Wednesday, July 09, 2014

The "Idiot" Is Me



The other day I had lunch with my parents. Dad's a retired transportation engineer and as often happens our conversation touched on roads and driving. There was some of the typical complaining, which is the gist of most discussions of traffic, but because, I suppose, it's Dad's profession, each gripe segued into solutions. I'm not a happy driver, which I've written about before on this blog, which was why, despite not feeling quite myself, I chose a 25-mile round-trip bike ride over getting behind the wheel of the car. Then something pretty cool happened, we started talking about the good drivers out there. You know the ones: the majority, the ones you don't notice even while speeding shoulder-to-shoulder at 65 mph; the ones who manage four-way stops without a hitch; the ones who we entrust with our lives and the lives of our loved ones each time we take to the roads.


It's a kind of miracle actually. Yes, we arrive at our destinations fuming about the "idiots," but it's the rest of them, the majority, cooperating, taking turns, abiding by the rules, showing small courtesies, that helped get us there safe and sound. It's easier to think this way while breaking bread with one's family than while sitting in a traffic jam, I reckon, but when you really think about it, especially when it comes to big city driving, it can be a soothing balm to one's sore opinion of humanity.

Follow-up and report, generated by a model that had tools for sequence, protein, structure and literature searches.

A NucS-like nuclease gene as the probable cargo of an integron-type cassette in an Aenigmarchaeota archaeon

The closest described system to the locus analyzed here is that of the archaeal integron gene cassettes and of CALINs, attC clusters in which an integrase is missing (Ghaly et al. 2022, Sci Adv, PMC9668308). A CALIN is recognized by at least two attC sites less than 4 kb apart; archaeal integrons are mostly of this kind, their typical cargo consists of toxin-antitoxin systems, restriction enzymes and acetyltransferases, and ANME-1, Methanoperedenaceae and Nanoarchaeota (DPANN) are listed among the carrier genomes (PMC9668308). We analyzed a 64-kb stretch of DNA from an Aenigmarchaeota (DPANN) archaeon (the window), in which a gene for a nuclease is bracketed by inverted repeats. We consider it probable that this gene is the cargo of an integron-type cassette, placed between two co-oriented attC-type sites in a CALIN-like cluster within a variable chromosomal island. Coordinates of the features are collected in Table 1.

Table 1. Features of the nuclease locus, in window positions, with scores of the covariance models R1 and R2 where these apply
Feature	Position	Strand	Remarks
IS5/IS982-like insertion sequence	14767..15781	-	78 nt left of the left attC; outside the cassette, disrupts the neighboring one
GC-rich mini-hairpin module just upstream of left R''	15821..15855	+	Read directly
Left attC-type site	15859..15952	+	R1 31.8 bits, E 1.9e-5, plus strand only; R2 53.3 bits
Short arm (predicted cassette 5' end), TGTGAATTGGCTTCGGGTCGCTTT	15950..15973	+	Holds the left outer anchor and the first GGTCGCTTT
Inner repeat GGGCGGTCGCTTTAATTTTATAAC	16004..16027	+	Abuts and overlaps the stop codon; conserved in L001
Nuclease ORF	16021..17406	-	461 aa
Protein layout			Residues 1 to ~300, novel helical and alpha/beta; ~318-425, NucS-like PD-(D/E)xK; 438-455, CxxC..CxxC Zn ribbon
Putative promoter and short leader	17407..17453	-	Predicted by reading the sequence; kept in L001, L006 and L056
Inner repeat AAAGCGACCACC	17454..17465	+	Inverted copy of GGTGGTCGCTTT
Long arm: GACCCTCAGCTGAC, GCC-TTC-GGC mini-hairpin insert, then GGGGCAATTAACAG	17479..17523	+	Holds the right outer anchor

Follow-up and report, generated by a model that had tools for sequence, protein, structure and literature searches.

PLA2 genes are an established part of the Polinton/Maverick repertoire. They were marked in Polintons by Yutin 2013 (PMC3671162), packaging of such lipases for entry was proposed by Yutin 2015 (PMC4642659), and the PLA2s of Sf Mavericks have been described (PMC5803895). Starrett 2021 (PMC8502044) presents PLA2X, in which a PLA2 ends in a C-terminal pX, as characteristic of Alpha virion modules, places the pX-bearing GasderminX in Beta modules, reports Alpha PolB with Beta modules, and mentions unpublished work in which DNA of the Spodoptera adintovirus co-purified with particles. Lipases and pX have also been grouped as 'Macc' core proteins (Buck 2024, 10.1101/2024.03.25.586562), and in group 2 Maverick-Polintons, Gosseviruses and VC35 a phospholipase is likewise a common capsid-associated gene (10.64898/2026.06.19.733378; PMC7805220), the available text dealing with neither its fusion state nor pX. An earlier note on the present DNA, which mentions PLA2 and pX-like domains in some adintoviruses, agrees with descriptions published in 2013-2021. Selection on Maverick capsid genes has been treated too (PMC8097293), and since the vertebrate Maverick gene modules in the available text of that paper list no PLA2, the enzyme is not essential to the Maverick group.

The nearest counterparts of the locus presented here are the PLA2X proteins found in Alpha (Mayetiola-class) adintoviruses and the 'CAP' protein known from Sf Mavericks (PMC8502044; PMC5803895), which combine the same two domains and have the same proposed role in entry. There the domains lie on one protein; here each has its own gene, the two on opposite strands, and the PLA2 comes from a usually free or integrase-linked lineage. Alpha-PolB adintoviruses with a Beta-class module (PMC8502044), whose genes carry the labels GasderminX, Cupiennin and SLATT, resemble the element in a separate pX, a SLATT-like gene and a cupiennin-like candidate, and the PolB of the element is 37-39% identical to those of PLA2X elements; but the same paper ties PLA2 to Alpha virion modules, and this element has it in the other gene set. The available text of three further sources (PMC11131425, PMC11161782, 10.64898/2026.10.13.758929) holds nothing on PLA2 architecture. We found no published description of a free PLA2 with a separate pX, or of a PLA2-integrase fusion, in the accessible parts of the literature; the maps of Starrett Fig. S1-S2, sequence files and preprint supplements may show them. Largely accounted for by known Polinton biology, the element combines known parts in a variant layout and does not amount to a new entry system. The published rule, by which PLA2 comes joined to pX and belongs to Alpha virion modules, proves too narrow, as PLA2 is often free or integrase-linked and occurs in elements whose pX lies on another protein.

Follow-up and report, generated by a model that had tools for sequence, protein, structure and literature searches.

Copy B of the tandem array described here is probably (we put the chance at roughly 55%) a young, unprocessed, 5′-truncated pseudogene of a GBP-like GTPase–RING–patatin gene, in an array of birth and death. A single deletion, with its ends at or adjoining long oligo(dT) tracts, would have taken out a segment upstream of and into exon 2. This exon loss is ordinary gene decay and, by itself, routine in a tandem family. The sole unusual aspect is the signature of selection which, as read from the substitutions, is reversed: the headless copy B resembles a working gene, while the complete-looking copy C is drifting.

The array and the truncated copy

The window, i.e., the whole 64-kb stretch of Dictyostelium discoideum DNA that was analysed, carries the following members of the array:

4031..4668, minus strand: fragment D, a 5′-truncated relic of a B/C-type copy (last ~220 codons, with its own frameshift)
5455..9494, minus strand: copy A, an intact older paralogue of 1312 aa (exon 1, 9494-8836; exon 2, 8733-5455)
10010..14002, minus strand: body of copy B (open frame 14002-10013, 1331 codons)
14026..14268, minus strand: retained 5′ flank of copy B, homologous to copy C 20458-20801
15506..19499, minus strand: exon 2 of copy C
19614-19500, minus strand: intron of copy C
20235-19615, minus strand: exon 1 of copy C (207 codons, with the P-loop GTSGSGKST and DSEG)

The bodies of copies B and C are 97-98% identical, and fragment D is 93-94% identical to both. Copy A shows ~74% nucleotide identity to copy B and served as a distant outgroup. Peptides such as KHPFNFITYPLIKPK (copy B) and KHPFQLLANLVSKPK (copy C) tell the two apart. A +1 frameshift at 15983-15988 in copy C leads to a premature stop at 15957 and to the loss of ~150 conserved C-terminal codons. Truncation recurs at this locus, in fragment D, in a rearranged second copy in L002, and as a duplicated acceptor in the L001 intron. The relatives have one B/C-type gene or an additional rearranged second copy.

I feel the same way, of course, when it's the kids at school who spontaneously, democratically, and indeed, miraculously, come together like a single organism to achieve a common end or devise a common means. But it's not a miracle at all. It's what, when left to our own devices, we do if given the chance.


Too often as adults in the lives of young children, we find ourselves tasked with dealing with the "accidents" or playing the role of traffic cop, doling out the citations and warnings to the "idiots," and that, unfortunately, at the end of the day is what sticks with us. We lose sight of the fact that most of the kids, most of the time, are cooperating, taking turns, abiding by our agreements, and showing small courtesies because that's what people do, no matter how small.


Over many decades of talking about traffic with a transportation engineer, I've come to understand, I think, some important principles. At one time or another all of us are the "idiots," because we are human. There are a few of us that, for lack of a proper education in the art of day-to-day democracy, are "idiots" a lot of the time. And then there are times when everyone is an "idiot." That's where you'll find the design flaws: it's not the drivers who are the idiots, but rather the engineer.


As a teacher, I try every day to appreciate our shared idiocy, to understand that most mistakes, for most of us, are of the self-correcting variety. We give one another a hug and are on our way. When a child habitually struggles to cooperate, to take turns, to abide by rules, and to show small courtesies, I strive to help him come to an understanding of how community works. And when it looks like rebellion, I have to know that the children are simply rising up, as we do in all democracies, to let me know that the "idiot" is me, and I have some design issues to work out.




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